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Pioneering Spirits: A Personalized History of Our Jewish Community - Lesson Plan for Family/Congregational Education

This lesson plan is part of a larger Go & Learn guide entitledentitled “Writing Home: A Letter from an early American Jew.”

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Notes to Teacher/Facilitator

In this activity, three multi-generational family or congregant groups rotate through stations facilitated by discussion leaders: one is a pictorial history of your own community, one is a dramatic reading of the Rebecca Samuel letter from Petersburg, VA in the 1790s, and one is the families’ retelling and recording of their own family histories onto a community timeline. Each group should spend 25-30 minutes at each station. You may need to ask parents, co-teachers, high school teaching assistants/madrichim (lit. “guides”), or other volunteers from the community to help lead the different stations. First we will outline these stations, and then provide some suggestions about openings and closings for this activity.

In a large auditorium or a few different classrooms, set up these three different stations:

Station 1

For this station, find images and primary documents that portray the history of your congregation or community, and display them so that everyone can see. Most congregations have an archive of images, but you can also do some further research, either through your local historical society or on the web. If it’s not possible to collect images of your own community, find a variety of images and texts from Jewish immigrants to America in general—a good number can be found on the JWA website. At this station, the facilitator will encourage participants to browse the images and documents and then will lead a discussion with the following questions:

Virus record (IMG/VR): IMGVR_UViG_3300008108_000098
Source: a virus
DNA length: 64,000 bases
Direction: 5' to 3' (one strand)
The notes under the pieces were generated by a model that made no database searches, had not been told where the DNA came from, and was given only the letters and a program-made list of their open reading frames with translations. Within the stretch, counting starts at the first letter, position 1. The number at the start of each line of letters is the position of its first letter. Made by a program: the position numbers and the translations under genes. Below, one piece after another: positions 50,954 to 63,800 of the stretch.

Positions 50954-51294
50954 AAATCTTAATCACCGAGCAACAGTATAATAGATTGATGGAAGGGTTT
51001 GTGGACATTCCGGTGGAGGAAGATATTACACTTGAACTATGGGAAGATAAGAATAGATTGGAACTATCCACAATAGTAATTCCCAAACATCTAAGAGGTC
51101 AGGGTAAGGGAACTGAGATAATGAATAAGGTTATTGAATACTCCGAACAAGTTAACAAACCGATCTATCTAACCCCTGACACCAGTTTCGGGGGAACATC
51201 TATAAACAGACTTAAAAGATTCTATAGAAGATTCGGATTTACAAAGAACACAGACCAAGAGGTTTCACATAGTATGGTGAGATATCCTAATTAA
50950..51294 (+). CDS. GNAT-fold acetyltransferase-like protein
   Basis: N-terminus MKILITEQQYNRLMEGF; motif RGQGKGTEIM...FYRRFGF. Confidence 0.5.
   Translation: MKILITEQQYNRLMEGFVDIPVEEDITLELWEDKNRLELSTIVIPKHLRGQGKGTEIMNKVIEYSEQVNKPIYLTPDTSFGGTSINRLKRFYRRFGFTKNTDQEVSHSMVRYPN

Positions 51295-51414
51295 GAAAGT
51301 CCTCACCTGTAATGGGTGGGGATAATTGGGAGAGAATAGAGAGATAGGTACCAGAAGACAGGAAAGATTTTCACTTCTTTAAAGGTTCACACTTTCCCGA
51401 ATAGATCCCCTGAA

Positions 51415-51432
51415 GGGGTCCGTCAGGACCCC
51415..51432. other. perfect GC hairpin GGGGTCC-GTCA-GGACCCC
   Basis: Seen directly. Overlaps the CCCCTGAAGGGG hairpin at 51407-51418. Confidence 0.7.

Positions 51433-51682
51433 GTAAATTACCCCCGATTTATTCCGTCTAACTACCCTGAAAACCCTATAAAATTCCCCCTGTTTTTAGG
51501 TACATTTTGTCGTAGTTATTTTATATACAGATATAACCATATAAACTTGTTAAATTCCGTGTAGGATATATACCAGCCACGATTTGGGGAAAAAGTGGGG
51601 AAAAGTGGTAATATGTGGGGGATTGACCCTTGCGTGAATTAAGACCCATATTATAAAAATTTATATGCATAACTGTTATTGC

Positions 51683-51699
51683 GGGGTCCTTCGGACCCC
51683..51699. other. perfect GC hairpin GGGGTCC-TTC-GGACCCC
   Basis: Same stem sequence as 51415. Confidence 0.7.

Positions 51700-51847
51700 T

• What information about the beginnings and history of this community can be gathered through these images?
  • What can you tell about the values of the community from these images? About the material resources? About the people who founded or sustained the community?
  • What do these images not portray?
  • What questions do these images/documents inspire?
  • Do any of you remember any of the events or people in these images? If so, do you have stories/memories about them?
Adapt and/or add specific questions relevant to the images you choose.

Station 2

In the second station, the facilitator will give a dramatic reading of the Rebecca Samuel letter. You might want the person playing her to dress in appropriate approximation of 18th century garb. “REbecca” will introduce herself to the group and explain that she has just written this letter (in Yiddish) to her parents in Germany, and then read the letter aloud. Next, she can ask participants if they have any questions for her (although we have little biographical information other than what is in the letter itself), or she or another facilitator can discuss the following questions with the group. Be sure to ask participants to point out details and evidence from the text to back up the claims they are making about her motivations and feelings.